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“I Vaccinate” campaign kicks off to boost state’s immunization rate

Doctors, parents and public health experts gathered in Lansing with one simple message – vaccinate your children. Monday marked the launch of the “I Vaccinate” campaign. It’s a multi-media advertising and educational campaign aimed at raising the state’s immunization rate. Michigan is currently ranked 43rd in the nation for immunization rates among children 19 to 35 months. Veronica McNally started the Franny Strong Foundation – a partner on the campaign – with her husband after their...

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WGVU talks with FRONTLINE correspondent Ramita Navai. In her documentary Iraq Uncovered she describes her dangerous and revealing journey inside the war-torn country she investigates allegations of abuse of Sunni Muslim civilians by powerful Shia militias. You can watch FRONTLINE: Iraq Uncovered by logging on at WGVU.org.

A controversial item in the current budget is the focus of a lawsuit filed today (Tues).

When the budget was approved last October, the state allocated 2.5 million dollars to reimburse private schools for state requirements like fire drills, background checks, and keeping inhalers in the buildings.

The lawsuit – filed by numerous public school advocates against the state and Governor Rick Snyder - says that is unconstitutional and asks for a preliminary injunction to prevent the state from giving out any funds until the court completes a full review of the case.

Rusty patched bumblebee joins endangered species list

8 hours ago

The rusty patched bumblebee is officially an endangered species. The U.S. Fish and Wildlife Service says the designation took effect Tuesday, making the rusty patched bumblebee the first bee species in the continental U.S. to receive federal protection under the Endangered Species Act. Advocates say the bee has disappeared from about 90 percent of its range in the past 20 years. Bees are crucial for pollinating crops and wild plants. 

Gov. Rick Snyder has written letters to every member of Michigan's congressional delegation to warn how House Republicans' health care legislation would "adversely impact" the state's most vulnerable residents. The Republican governor's letter, dated Tuesday, says the debate has largely focused on people participating in the expanded Medicaid program. But he says half of all Michigan children are served by the traditional Medicaid program, which would also be affected by the bill. 

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Authorities say they believe a man killed his 59-year-old mother at a home in western Michigan before killing himself.

The Kent County sheriff's department says the body of Gloria Launiere was found inside the home in Courtland Township on Monday and 34-year-old David Applegate was found critically injured.

The department says he was taken to a hospital, where he was pronounced dead.

Sheriff Lawrence Stelma says the deaths followed what appeared to be a domestic incident, but specifics were under investigation.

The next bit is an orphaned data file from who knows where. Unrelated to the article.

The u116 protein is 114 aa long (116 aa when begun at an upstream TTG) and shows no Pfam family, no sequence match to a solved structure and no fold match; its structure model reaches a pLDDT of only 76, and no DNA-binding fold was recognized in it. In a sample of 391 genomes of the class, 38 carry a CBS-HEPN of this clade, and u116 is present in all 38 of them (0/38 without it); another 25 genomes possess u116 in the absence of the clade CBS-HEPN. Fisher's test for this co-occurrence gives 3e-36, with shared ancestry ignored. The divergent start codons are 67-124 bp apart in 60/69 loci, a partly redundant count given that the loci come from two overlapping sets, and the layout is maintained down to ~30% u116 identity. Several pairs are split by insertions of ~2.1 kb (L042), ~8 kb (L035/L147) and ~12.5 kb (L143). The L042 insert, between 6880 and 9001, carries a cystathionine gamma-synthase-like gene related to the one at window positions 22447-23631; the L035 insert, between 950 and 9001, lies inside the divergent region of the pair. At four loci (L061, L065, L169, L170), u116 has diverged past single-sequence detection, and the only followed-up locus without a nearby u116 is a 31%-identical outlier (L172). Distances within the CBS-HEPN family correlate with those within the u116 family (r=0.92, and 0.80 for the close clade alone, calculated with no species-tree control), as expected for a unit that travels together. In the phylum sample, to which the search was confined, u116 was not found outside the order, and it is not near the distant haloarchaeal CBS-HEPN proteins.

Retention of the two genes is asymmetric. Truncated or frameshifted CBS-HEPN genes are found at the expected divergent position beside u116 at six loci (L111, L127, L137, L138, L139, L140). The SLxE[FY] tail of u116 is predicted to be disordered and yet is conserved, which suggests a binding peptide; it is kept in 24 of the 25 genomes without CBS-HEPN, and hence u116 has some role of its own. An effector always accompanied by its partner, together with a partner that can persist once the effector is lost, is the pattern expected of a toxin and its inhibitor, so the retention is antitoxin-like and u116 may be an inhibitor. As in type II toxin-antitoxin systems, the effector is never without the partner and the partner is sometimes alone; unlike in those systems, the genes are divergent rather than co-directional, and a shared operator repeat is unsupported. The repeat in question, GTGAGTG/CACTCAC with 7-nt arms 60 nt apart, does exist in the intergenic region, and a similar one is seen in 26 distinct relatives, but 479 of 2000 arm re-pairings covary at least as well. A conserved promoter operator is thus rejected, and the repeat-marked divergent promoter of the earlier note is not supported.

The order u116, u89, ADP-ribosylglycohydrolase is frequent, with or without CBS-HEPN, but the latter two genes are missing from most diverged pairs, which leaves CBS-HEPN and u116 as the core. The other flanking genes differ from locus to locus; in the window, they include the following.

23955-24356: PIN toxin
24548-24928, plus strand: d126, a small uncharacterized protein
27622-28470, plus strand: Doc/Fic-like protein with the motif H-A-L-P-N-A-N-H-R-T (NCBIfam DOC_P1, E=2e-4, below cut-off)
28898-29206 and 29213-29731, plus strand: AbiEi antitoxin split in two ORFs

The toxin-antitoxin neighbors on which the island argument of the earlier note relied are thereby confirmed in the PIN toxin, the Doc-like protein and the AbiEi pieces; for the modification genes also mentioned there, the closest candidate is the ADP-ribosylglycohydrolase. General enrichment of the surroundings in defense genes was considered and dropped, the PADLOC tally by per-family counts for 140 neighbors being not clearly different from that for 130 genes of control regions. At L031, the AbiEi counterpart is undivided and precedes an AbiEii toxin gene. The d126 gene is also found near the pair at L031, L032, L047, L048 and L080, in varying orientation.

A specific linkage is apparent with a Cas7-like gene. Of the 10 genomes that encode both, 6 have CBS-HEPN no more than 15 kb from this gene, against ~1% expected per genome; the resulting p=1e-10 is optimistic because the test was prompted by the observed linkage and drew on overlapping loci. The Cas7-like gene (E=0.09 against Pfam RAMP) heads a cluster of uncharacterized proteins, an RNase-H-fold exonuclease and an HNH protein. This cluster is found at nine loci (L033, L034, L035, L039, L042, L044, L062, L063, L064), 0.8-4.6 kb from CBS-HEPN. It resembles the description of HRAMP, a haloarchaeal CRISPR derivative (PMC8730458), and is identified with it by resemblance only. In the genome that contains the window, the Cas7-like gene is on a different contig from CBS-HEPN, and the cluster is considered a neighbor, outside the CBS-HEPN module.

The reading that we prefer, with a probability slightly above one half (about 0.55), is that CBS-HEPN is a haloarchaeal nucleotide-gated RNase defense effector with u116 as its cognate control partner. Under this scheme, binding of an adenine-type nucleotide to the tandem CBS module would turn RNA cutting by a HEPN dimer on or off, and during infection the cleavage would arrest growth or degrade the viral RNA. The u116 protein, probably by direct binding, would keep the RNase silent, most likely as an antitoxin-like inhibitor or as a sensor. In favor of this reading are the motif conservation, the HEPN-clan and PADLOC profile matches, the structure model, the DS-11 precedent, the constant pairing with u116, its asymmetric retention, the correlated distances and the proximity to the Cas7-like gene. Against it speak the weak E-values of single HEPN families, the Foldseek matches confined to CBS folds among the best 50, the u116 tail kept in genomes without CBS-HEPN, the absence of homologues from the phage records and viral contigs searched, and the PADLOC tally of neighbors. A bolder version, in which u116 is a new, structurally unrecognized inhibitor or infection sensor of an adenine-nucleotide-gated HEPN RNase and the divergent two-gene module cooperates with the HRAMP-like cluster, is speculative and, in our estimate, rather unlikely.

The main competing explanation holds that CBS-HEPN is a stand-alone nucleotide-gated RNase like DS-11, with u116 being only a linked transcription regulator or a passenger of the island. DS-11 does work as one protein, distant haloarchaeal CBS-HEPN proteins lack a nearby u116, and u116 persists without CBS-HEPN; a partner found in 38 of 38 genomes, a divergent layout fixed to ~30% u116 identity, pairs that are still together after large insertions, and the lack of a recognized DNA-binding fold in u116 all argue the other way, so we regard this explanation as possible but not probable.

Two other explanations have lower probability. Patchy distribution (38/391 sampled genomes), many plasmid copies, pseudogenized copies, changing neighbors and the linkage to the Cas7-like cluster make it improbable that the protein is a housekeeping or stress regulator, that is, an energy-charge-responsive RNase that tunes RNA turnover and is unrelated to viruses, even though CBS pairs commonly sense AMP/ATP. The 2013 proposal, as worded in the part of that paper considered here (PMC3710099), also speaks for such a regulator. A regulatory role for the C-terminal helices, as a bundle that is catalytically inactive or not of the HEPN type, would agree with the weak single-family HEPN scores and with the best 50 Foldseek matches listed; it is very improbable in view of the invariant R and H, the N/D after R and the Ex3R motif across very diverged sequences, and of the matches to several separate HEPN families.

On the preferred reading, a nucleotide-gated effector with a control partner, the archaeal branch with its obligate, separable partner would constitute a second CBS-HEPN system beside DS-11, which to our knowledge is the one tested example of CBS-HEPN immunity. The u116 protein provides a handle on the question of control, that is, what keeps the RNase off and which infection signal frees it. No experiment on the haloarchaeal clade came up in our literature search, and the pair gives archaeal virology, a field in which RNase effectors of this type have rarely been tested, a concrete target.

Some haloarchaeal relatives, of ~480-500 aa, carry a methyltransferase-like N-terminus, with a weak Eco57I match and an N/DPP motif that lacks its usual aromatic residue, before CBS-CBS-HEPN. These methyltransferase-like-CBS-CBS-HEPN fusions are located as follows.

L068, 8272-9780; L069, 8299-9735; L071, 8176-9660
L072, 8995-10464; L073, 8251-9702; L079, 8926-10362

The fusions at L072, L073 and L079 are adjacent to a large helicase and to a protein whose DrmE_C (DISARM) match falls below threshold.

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We are reporting today on the Supreme Court's 6-3 decision to uphold the nationwide subsidies called for in the Affordable Care Act. The court's majority opinion was written by Chief Justice John Roberts, who was joined by the court's liberal justices, as well as Justice Anthony Kennedy.

The Majority's Rationale

Civil rights groups won a victory Thursday, as the Supreme Court ruled that claims of racial discrimination in housing cases shouldn't be limited by questions of intent.

The court affirmed a Court of Appeals decision in a case in which a nonprofit group, the Inclusive Communities Project, said that the Texas Department of Housing and Community Affairs had contributed to "segregated housing patterns by allocating too many tax credits to housing in predominantly black inner-city areas and too few in predominantly white suburban neighborhoods."

Copyright 2017 NPR. To see more, visit http://www.npr.org/.

Following the Supreme Court health care ruling to uphold subsidies nationwide, President Obama said Thursday that the Affordable Care Act is "here to stay."

Updated at 1:25 p.m. ET

President Obama, commenting on the U.S. Supreme Court's ruling today to uphold a key provision of his signature health care law, said after numerous challenges, the Affordable Care Act has been "woven into the fabric of America" and "is here to stay."

Copyright 2017 NPR. To see more, visit http://www.npr.org/.

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We are reporting today on the Supreme Court's 6-3 decision to uphold the nationwide subsidies called for in the Affordable Care Act. One of the three justices who opposed the ruling was Justice Antonin Scalia, who issued a strong dissent.

Here are some highlights:

'SCOTUSCare'

Supreme Court Upholds Obamacare Subsidies

Jun 25, 2015

The Affordable Care Act survived its second Supreme Court test in three years, raising odds for its survival but by no means ending the legal and political assaults on it five years after it became law.

Copyright 2017 NPR. To see more, visit http://www.npr.org/.

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Copyright 2017 NPR. To see more, visit http://www.npr.org/.

RENEE MONTAGNE, HOST:

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